Updated: Jun 26
Dr. Erin Gustafson, MD, MPH
Acting Public Health Officer, County of San Bernardino
351 N. Mountain View Avenue
San Bernardino, CA 92415
May 13, 2020
Dear Dr. Erin Gustafson,
We are writing to you as health workers, public health practitioners, researchers, advocates, students, scholars, and organizers — with support from local community organizations — from across San Bernardino County to express our concern about the urgent need to address the COVID-19 pandemic at the Adelanto Immigration and Customs Enforcement (ICE) Processing Center.
While the state has taken decisive action to protect Californians against this highly contagious virus, we fear public health protections are falling short for people within prisons and jails, including those detained at the Adelanto ICE Processing Center. Individuals inside carceral facilities are fundamentally unable to physically distance or take other preventive measures to curb transmission. Heightened exposure to infectious diseases exists for incarcerated people inside carceral facilities where there is overcrowding, poor ventilation, poor nutrition, and poor health care, contributing to a higher likelihood of delayed diagnosis and limited infection control.
Further, correctional officers and other workers are potential vectors for COVID-19 from the general population to incarcerated populations, increasing the likelihood of an outbreak inside the facility. Additionally, due to shared hygiene facilities and non-uniform availability of free alcohol-based disinfectants (i.e., those certified by the EPA) and soap, we are leaving many members of our community inside our jails, prisons, and detention centers defenseless to this deadly virus.
Attempts at isolating individuals in inherently punitive settings — like prisons, jails, and detention centers — are akin to solitary confinement and not preventive care. Public health and medical scholars have declared isolation of a person of any age in carceral settings as torturous, yet it is still regularly used as a tool for punishment. Individuals sent to solitary confinement are more likely to die (of any cause) in the first year after release, and mental illness is likely to worsen under these conditions.3 Solitary confinement and other isolation strategies for symptomatic or exposed individuals — especially when not coupled with adequate testing, medical care, or transparent communication — harm health instead of protecting it.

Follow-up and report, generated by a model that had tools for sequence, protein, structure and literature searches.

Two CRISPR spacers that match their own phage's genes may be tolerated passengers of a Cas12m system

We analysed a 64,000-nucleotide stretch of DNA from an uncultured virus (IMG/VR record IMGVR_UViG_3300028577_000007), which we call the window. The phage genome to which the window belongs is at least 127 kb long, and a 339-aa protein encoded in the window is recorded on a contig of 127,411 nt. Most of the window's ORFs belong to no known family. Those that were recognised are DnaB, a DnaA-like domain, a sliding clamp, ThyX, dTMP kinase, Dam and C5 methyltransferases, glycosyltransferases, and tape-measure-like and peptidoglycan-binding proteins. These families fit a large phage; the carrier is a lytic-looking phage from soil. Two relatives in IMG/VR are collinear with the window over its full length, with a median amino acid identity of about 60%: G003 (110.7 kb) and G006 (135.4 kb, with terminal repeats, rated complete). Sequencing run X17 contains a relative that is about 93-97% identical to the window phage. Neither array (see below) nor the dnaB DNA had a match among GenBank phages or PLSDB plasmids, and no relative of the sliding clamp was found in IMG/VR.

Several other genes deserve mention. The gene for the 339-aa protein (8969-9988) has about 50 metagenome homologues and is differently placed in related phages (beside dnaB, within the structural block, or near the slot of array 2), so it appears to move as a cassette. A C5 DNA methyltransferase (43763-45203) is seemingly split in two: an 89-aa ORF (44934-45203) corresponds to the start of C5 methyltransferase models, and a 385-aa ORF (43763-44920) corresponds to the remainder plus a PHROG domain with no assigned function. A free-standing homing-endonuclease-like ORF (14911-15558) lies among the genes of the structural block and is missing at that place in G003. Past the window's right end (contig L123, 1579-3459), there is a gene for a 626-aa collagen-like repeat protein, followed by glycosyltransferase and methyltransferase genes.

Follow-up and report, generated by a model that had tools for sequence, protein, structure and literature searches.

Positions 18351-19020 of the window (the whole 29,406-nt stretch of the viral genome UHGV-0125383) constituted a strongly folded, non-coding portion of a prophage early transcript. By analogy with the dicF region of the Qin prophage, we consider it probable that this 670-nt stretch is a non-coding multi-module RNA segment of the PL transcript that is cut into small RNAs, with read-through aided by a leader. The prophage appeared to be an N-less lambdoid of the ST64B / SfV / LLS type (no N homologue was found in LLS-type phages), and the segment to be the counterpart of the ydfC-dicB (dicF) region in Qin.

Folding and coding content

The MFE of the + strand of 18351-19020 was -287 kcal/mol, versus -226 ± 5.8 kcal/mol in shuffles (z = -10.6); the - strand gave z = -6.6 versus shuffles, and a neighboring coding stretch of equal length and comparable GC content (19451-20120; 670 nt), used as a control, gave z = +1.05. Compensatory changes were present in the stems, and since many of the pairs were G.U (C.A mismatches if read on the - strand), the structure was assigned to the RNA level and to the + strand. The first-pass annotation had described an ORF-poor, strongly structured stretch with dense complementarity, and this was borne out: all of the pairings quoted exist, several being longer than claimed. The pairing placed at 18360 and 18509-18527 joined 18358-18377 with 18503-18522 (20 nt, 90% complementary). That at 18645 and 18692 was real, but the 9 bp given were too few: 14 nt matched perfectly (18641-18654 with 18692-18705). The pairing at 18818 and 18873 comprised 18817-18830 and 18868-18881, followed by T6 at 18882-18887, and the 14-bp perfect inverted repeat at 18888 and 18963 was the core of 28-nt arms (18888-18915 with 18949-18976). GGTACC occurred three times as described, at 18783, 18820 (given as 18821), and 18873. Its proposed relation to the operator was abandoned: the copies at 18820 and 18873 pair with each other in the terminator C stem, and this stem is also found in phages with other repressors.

ICE and GEO Group have a long history of complicity in medical neglect and deaths at Adelanto ICE Processing Center. It is clear they lack the necessary resources and political will to address an outbreak. If there is an outbreak there, epidemiology suggests widespread outbreaks among San Bernardino area residents would follow. Another way is possible — decarceration supports decreased disease transmission both within the carceral facility and in the community more broadly. Indeed, one study found that decreasing incarceration rates from just 3% to 2% of the general population reduces TB infections in prison by 44% and by 21% in the general population. While TB has a higher rate of infection, we can reasonably conclude that we would see the same effect for COVID-19. Keeping individuals incarcerated and detained without proper preventive measures will likely lead to unnecessary death among those confined to these facilities, workers at carceral facilities, and the general population.